Advertisement

Journal of Analytical Chemistry

, Volume 72, Issue 5, pp 520–532 | Cite as

Isolation and quantitative analysis of road dust nanoparticles

  • M. S. Ermolin
  • P. S. Fedotov
  • A. I. Ivaneev
  • V. K. Karandashev
  • N. N. Fedyunina
  • V. V. Eskina
Articles

Abstract

Nanoparticles are capable of preconcentrating various elements, including toxic ones; they have high mobility in the environment and can easily penetrate into a human body. The study of the chemical composition and properties of road dust nanoparticles is an urgent task of analytical chemistry, which needs to be addressed in the monitoring of the anthropogenic load on the environment and the assessment of the potential danger of pollution to human health. In the present paper, we propose a new approach for the isolation, characterization, and quantitative elemental analysis of road dust nanoparticles. Conditions are selected for the separation of nanoparticles from Moscow dust samples by field-flow fractionation in a rotating coiled column; the resulting fractions are characterized by independent methods (using static light scattering and electron microscopy); the method for calculating the concentration of elements in the nanoparticle fraction according to inductively coupled plasma atomic emission spectrometry and mass spectrometry is improved; elements in a water-soluble form are isolated and determined; and the role of soluble organic matter in the binding of trace elements is discussed. It is shown that the total concentration of most elements in the samples of Moscow dust is comparable to the average values for urban soils. Abnormally high concentrations of several elements (Cu, Zn, Ag, Cd, Sn, Sb, Hg, Pb, Tl, and Bi) are revealed in the fraction of nanoparticles; the enrichment factor with respect to the total concentration ranges from 10 to 450. The source of contamination of road dust nanoparticles with copper, zinc, antimony, and cadmium is highly probable wearing-off of brake pads and car tires. The developed procedure of separation, characterization, and analysis of nanoparticles can be used for other polydisperse environmental samples (for example, volcanic ash).

Keywords

road dust nanoparticles quantitative analysis toxic elements rotating coiled columns field-flow fractionation 

Preview

Unable to display preview. Download preview PDF.

Unable to display preview. Download preview PDF.

References

  1. 1.
    Adachi, K. and Tainosho, Y., Environ. Int., 2004, vol. 30, no. 8, p. 1009.CrossRefGoogle Scholar
  2. 2.
    Mummullage, S., Egodawatta, P., Ayoko, G.A., and Goonetilleke, A., Sci. Total Environ., 2015, vol. 541, p. 1303.CrossRefGoogle Scholar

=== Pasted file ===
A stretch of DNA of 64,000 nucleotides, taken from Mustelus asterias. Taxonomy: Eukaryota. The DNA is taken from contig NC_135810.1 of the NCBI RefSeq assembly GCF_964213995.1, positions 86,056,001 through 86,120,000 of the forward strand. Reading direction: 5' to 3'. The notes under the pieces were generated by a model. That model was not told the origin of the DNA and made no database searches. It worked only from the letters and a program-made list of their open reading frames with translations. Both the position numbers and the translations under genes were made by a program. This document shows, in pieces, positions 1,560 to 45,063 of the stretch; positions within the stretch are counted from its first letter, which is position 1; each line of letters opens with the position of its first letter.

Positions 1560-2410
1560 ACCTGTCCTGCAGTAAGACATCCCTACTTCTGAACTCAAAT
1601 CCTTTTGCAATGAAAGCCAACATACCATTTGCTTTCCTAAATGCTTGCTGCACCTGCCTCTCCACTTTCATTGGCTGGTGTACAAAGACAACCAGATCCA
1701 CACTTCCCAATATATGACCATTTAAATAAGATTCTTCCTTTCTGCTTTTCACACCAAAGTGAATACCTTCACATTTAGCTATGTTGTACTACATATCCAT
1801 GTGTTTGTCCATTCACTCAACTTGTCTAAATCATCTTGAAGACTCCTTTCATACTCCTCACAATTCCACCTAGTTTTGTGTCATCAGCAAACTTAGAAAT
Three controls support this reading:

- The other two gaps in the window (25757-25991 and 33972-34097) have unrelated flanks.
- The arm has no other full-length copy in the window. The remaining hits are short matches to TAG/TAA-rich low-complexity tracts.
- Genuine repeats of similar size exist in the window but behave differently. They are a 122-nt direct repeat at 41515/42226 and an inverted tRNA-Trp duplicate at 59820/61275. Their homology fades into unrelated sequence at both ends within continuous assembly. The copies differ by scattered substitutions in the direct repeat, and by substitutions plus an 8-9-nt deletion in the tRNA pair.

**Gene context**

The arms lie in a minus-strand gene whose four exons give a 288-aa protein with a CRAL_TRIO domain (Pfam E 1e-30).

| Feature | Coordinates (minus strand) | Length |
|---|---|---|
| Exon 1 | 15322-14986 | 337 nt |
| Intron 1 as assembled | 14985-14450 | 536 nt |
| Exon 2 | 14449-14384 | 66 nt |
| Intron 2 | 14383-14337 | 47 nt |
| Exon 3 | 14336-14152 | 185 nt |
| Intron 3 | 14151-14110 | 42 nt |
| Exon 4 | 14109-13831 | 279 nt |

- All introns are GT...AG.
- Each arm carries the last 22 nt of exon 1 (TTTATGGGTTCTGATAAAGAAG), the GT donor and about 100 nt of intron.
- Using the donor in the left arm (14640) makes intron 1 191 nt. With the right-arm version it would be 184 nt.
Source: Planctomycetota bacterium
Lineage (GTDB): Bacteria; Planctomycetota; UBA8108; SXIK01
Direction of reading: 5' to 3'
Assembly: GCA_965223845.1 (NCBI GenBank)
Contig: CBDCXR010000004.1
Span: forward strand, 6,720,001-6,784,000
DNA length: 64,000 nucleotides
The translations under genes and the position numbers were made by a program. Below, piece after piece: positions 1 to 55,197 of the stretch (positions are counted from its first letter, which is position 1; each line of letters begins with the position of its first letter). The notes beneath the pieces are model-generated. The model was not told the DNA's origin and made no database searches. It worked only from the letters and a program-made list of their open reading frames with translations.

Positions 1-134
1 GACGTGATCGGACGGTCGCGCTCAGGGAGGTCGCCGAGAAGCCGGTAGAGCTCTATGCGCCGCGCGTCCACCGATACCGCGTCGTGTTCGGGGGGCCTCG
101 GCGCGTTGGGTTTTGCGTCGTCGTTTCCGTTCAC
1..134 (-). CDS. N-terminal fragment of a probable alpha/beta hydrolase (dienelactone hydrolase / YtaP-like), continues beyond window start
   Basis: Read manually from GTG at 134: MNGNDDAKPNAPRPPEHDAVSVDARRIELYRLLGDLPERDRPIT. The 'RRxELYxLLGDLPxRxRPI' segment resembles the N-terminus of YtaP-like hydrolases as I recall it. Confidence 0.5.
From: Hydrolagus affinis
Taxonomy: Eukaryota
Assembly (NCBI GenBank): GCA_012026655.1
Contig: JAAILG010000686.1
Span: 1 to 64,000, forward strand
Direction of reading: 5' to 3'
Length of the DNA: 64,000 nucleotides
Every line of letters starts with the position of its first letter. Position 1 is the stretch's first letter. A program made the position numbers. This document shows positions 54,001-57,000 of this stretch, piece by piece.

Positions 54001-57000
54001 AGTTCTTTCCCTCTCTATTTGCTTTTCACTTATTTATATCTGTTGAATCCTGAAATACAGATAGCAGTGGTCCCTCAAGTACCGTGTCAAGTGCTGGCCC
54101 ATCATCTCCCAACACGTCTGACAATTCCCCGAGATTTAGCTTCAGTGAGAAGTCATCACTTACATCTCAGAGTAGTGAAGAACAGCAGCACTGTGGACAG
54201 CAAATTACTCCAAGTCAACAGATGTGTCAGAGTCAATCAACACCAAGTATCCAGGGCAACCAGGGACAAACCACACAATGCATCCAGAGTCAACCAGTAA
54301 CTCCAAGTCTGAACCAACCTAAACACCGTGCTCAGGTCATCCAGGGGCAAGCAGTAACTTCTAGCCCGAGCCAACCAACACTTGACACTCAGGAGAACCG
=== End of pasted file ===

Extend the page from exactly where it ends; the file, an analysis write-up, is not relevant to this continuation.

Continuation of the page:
3. 3.
    Varrica, D., Bardelli, F., Dongarrà, G., and Tamburo, E., Atmos. Environ., 2013, vol. 64, p. 18.CrossRefGoogle Scholar
  4. 4.
    Thorpe, A. and Harrison, R.M., Sci. Total Environ., 2008, vol. 400, no. 1, p. 270.CrossRefGoogle Scholar
  5. 5.
    McKenzie, E.R., Money, J.E., Green, P.G., and Young, T.M., Sci. Total Environ., 2009, vol. 407, no. 22, p. 5855.CrossRefGoogle Scholar
  6. 6.
    Smolders, E. and Degryse, F., Environ. Sci. Technol., 2002, vol. 36, no. 17, p. 3706.CrossRefGoogle Scholar
  7. 7.
    Hjortenkrans, D.S., Bergback, B.G., and Haggerud, A.V., Environ. Sci. Technol., 2007, vol. 41, no. 15, p. 5224.CrossRefGoogle Scholar
  8. 8.
    Kennedy, P. and Gadd, J., Preliminary Examination of Trace Elements in Tyres, Brake Pads and Road Bitumen in New Zealand, Wellington Kingett Mitchell, 2003.Google Scholar
  9. 9.
    Councell, T.B., Duckenfiel, K.U., Landa, E.R., and Callender, E., Environ. Sci. Technol., 2004, vol. 38, no. 15, p. 4206.CrossRefGoogle Scholar
  10. 10.
    Jang, H.-N., Seo, Y.-C., Lee, J.-H., Hwang, K.-W., Yoo, J.-I., Sok, C.-H., and Kim, S.-H., Atmos. Environ., 2007, vol. 41, no. 5, p. 1053.CrossRefGoogle Scholar
  11. 11.
    Barefoot, R.R., TrAC, Trends Anal. Chem., 1999, vol. 18, no. 11, p. 702.CrossRefGoogle Scholar
  12. 12.
    Zereini, F., Wiseman, C., Beyer, J.M., Artelt, S., and Urban, H., J. Soils Sediments, 2001, vol. 1, no. 3, p. 188.CrossRefGoogle Scholar
  13. 13.
    Mohammadi, S.Z., Karimi, M.A., Hamidian, H., Baghelani, Y.M., and Karimzadeh, L., Sci. Iran., Trans. F, 2011, vol. 18, p. 1636.CrossRefGoogle Scholar
  14. 14.
    Okorie, I.A., Enwistle, J., and Dean, J.R., Curr. Sci., 2015, vol. 109, no. 5, p. 938.CrossRefGoogle Scholar
  15. 15.
    Davis, A.P., Shokouhian, M., and Ni, S., Chemosphere, 2001, vol. 44, no. 5, p. 997.CrossRefGoogle Scholar
  16. 16.
    Sternbeck, J., Sjodin, A., and Andreasson, K., Atmos. Environ., 2002, vol. 36, no. 30, p. 4735.CrossRefGoogle Scholar